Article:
time to bleed by Joe Damato

technical ramblings from a wanna-be unix dinosaur

WARNING: American Express fails miserably at basic security.

View Comments

If you enjoy this article, subscribe (via RSS or e-mail) and follow me on twitter.

As of 3:35pm PST on 5/25/2010 it seems to be fixed. wireshark shows only TLS traffic now, nothing in the clear. Pretty quick fix, since this was published at 11:54am. Good deal.

This article is going to reveal a pretty serious error in a web form on the American Express Network website. I would strongly recommend NOT filling out the web form described below.

Daily Wish from the American Express Network

Daily wish from the American Express Network sent me an email this morning trying to get me to sign up for their deal of the day service where they offer a very limited quantity of products for a low price.

Sounds simple enough, right?

Well, the time of the sale is not released until the day the sale occurs, unless you are an American Express cardholder. If you are a card holder, you get a special landing page on their website telling you that if you sign up, you can get the sale times before the sale date.

The white arrow below points to the tab that only appears if you clicked through from an email from American Express. The red arrow below points to the sign up button. Take a look:

Sign up page

After clicking the sign up button (red arrow above), a lightbox appears asking for:

  • First and last name
  • American Express credit card number
  • Security code
  • Expiration date
  • Billing zip

Quite a bit of personal information, much of it sensitive. [sarcarsm]Don’t worry the page is secure[/sarcasm], see the form and the white arrow below:

The code from the form

This form looked very suspicious to me, so I decided to take a look at the code to see if the action for this sign up form was over HTTPS. Check it:

<form name="form1" method="post" action="preid2.aspx?ct=7" onsubmit="javascript:return WebForm_OnSubmit();" id="form1">

So the action is to a handler at http://dailywish.amexnetwork.com/preid2.aspx?ct=7. The lack of https doesn’t make me feel very good.

Maybe the WebForm_OnSubmit() function is doing something that might make this secure? Let’s take a look:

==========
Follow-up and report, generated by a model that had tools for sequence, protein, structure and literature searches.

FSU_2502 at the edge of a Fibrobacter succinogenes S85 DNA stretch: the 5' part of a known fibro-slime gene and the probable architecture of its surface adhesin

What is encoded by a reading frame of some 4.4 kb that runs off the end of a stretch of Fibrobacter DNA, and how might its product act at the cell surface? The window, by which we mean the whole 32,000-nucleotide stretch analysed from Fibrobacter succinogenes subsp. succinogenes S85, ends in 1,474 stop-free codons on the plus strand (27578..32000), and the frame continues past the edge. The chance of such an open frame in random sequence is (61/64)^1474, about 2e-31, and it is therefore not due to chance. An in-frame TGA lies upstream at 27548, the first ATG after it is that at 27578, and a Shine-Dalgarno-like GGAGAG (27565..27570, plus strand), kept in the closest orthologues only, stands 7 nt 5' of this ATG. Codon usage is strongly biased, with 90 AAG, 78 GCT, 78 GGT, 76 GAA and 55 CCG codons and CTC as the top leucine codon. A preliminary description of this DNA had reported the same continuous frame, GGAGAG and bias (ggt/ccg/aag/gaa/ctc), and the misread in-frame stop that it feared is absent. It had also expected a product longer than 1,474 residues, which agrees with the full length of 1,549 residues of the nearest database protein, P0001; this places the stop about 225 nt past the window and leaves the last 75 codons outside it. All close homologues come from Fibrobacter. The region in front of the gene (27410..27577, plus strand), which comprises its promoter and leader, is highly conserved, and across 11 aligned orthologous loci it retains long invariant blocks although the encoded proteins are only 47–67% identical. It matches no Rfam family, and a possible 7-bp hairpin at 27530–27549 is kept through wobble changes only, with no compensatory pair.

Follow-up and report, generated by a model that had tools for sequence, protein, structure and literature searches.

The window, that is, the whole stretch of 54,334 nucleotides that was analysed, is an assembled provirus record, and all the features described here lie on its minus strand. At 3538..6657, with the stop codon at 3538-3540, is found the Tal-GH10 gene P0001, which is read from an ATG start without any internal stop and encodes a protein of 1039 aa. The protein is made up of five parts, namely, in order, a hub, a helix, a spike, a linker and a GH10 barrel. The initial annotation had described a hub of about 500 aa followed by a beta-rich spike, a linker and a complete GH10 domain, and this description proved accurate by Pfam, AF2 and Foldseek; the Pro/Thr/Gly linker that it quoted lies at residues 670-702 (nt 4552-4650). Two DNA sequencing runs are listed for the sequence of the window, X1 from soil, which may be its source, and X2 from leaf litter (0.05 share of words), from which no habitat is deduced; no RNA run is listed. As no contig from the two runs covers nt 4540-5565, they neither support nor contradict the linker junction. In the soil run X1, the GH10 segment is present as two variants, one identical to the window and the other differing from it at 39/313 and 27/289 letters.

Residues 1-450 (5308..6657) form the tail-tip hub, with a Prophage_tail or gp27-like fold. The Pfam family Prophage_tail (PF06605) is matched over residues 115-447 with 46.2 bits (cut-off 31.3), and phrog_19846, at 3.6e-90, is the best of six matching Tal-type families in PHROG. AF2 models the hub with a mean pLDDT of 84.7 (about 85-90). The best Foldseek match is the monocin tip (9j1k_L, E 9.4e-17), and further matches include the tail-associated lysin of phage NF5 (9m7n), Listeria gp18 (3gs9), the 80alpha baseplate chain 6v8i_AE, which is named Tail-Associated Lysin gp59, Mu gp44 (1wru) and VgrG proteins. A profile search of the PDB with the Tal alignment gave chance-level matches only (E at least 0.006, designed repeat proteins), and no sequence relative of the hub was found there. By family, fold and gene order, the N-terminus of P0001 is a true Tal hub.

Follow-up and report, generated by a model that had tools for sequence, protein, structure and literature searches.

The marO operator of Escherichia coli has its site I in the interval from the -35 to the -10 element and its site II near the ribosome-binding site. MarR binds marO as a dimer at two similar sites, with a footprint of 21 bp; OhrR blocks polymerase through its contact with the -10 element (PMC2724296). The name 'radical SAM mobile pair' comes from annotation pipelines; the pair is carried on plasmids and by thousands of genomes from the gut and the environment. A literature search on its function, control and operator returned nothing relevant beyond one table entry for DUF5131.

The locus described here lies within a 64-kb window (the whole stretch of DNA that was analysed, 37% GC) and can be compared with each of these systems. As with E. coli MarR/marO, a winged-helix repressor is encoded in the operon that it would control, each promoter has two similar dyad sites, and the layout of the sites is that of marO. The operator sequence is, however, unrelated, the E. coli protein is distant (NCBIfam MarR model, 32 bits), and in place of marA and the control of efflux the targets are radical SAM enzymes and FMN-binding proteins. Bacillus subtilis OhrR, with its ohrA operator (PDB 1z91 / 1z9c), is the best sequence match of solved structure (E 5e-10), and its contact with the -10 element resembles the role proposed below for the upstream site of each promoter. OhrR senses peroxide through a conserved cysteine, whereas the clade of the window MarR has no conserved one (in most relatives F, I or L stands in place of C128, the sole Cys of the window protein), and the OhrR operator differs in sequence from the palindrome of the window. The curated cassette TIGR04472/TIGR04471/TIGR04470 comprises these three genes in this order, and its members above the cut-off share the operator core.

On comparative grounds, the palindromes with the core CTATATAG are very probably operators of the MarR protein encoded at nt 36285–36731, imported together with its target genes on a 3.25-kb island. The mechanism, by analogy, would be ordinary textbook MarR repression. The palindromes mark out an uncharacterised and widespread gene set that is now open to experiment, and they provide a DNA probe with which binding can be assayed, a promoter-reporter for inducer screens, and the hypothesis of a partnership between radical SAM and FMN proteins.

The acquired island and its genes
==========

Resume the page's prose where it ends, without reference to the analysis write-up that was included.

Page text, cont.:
<script type="text/javascript"> 
function WebForm_OnSubmit() {
if (typeof(ValidatorOnSubmit) == "function" && ValidatorOnSubmit() == false) return false;
return true;

So it looks like that function is just a validator. It is really starting to feel like this form is insecure.

Let’s bring out wireshark and see what it has to say.

Wireshark packet sniff

So I filled out the form with fake information and sniffed the POST to the server.

The Daily Wish sign up form from the American Express Network is sending credit card numbers, expiration dates, and all the other personal information on the sign up form in the clear back to their server.

Holy. Fuck.


  • Do NOT fill out the form until American Express fixes this issue.

Thanks for reading and don’t forget to subscribe (via RSS or e-mail) and follow me on twitter.

Written by Joe Damato

May 25th, 2010 at 11:54 am

Posted in security

Tagged with , ,

  • Florin Andrei

    That explains the otherwise unexplainable "event" last year, when we had our AmEx card hijacked during a trip to Eastern Europe. All they needed was one attempt to login to the AmEx site.

  • Wow... that's amazing! What a screw up, somebody is getting fired...

  • skhan

    This is the cost of outsourcing...I could care less what they say!

  • given that AMEX and other credit card companies (usury companies) steal your money as fast as they can, why should they care if other people steal it too? They still make their cut when someone steals your money.

  • Brad

    Can you post the URL from the email? There is no proof anywhere in this that it loads over HTTP.

    From looking at the URL it looks like its built to load inside an IFRAME on the page.
    If the IFRAME is loaded under HTTPS there wouldn't be a problem except for if someone is in your network and forces you to load the HTTP version.

blog comments powered by Disqus